Texas’ COVID-19 vaccination and testing disrupted by winter storm

Dr. Anthony Fauci, White House Chief Medical Advisor, warned last week that the winter storm which wreaked havoc across most of the contiguous United States, causing massive power outages, has considerably slowed COVID-19 vaccine distribution. In places like Texas, it brought vaccination efforts to a “grinding halt.”

According to the Weather Channel, Winter Storm Uri covered 73 percent of the country with snow, the most widespread coverage in 17 years. Temperatures had plunged close to or below zero degrees Fahrenheit in many places across the South for many days running.

People stand in line outside an HEB grocery store in the snow Thursday, Feb. 18, 2021, in Austin, Texas. (AP Photo/Ashley Landis)

In an interview with Andrea Mitchell on MSNBC, Fauci said, “We’re just going to have to make up for it as soon as the weather lifts a bit, the ice melts, and we can get the trucks and the people out.” This is no small order as millions in Texas continue to lack access to potable water, with homes devastated by backed-up sewage and burst pipes making residences uninhabitable. “It is significant,” Fauci added, “when you have that swath of the country … that is really in many respects immobilized.”

Many vaccine distribution centers had to temporarily close their doors last week. Vaccine shipments had to be delayed. In Texas, the seven-day average of vaccine administration plummeted last week from highs of 150,000-plus jabs per day to just 15,126 doses on February 20. Only 4.5 million of Texas’ 29 million people have received at least one dose. Only a little more than one million have completed their vaccination regimen.

Public health experts project that 75 to 90 percent of the population, roughly 22 million people in Texas, will need to be vaccinated to achieve the herd immunity threshold. Dr. Peter Hotez, a virologist at Baylor College of Medicine, told the Texas Tribune, “Whether it achieves herd immunity or not, we’ve got to vaccinate as many people as possible in a critical period of time to save lives.” The reference here is to the concerns raised by the rising number of the B.1.1.7 variant which originated in the UK and is now spreading broadly in the US and is known to be more transmissible and lethal.

The Washington Post’s COVID vaccination tracker indicated that 44.1 million people had received one or two doses of the vaccine in the US, with 75.2 million doses having been distributed thus far. This represents 13.3 percent of the population that has partially or fully been vaccinated. Because of the winter storm, there has been a 17 percent decrease in vaccinations over the week before, averaging 1.36 million doses per day. On February 22, barely more than a million received a jab.

As the weather begins to warm again, there is a push to catch up with the delays. This week Texas is expected to receive 600,000 first doses, which will then be shipped to hundreds of providers across 230 counties in the state. The state’s health department estimated that the storm had prevented the administration of approximately one million injections.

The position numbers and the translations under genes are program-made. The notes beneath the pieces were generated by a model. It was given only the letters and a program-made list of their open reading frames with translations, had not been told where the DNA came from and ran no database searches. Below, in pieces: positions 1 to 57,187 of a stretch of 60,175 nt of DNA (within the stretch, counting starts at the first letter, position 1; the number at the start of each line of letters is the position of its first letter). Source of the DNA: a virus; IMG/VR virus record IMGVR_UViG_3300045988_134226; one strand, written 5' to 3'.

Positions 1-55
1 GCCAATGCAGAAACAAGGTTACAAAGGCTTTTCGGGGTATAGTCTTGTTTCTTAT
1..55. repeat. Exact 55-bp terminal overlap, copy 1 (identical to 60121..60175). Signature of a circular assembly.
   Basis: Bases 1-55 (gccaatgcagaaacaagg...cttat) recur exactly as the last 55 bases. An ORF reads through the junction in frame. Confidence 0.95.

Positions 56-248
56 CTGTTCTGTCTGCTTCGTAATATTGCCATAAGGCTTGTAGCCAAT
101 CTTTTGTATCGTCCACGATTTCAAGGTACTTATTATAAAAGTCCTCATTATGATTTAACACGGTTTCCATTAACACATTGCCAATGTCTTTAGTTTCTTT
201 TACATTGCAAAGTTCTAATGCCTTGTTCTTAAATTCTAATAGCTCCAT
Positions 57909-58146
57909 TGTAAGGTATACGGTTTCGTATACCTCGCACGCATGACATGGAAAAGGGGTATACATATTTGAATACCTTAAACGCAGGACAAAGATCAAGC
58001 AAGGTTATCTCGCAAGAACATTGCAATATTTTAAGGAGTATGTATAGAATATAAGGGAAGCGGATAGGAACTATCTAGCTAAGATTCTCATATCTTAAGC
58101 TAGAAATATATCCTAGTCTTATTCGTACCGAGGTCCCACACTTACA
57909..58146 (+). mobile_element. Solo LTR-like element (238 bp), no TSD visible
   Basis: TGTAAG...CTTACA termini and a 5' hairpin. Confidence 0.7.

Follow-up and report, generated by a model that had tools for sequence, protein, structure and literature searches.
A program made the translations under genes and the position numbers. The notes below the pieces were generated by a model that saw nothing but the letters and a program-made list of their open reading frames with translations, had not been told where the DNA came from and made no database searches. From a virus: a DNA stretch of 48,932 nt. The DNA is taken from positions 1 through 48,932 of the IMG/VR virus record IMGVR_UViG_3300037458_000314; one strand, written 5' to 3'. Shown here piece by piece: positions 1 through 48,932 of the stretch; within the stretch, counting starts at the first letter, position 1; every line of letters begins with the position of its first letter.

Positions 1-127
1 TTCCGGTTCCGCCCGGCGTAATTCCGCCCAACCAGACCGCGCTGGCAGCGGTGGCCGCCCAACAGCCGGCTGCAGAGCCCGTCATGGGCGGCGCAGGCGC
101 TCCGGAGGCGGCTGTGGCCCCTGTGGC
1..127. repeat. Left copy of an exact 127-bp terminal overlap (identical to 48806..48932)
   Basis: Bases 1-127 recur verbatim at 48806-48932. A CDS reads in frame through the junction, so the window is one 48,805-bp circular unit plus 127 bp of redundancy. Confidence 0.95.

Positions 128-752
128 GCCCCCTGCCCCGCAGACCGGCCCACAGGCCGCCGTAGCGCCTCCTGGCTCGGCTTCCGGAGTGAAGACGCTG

Infectious disease experts are also worried that the widespread power outages across the state and frigid temperatures may contribute to a new surge in infections. People attempting to find warmth and safety from the hazardous conditions were forced to huddle together in temporary warming centers, providing the coronavirus new avenues to exploit. Others had to take immediate refuge with friends or family. Just before the storm hit, people made a mad dash to overfilled grocery stores for the last loaves of bread or bottles of water sitting on near-empty shelves.

Health officials have said that the actual fallout will not be evident for another week or two. Besides vaccine administration, testing has also come to a standstill.

At 2.6 million COVID-19 cases, Texas ranks second behind California with the greatest number of infections in the US. It is in third place after California and New York in deaths with close to 42,500 fatalities.

With three decades of worsening austerity and hopeless prospects for the future, four million workers have moved to the state over the last decade, looking for employment, driving the population up by 15 percent. Meanwhile, energy and information technology corporations, heavy industries, and an assortment of logistics infrastructure have shifted their operations into the state, seeking to take advantage of the lack of any meaningful regulation while taking advantage of the growing labor force.

At the same time, human-induced climate change has made Texas an increasingly difficult place to live. Climatologists Anne Stoner and Katherine Hayhoe, scientists at the Texas Tech Climate Center, found that since 1950 the Houston area has experienced longer, scorching summers with a growing number of days above 100 degrees Fahrenheit. Severe hurricanes like Harvey, which ravaged the city and the Gulf Coast in 2017, have become more common. The weakening of the polar jet stream caused by warming temperatures will also bring arctic temperatures to the balmy region more frequently.

Rather than take account of these recurring calamities to prepare the infrastructure for future weather hazards, state and national legislators have preferred to help these massive corporations maximize their short-term profits without any regard for the well-being of the population. It is not without its tragic irony that the winter storm that has already caused such havoc for millions has also created new vectors of infection for the spread of COVID-19.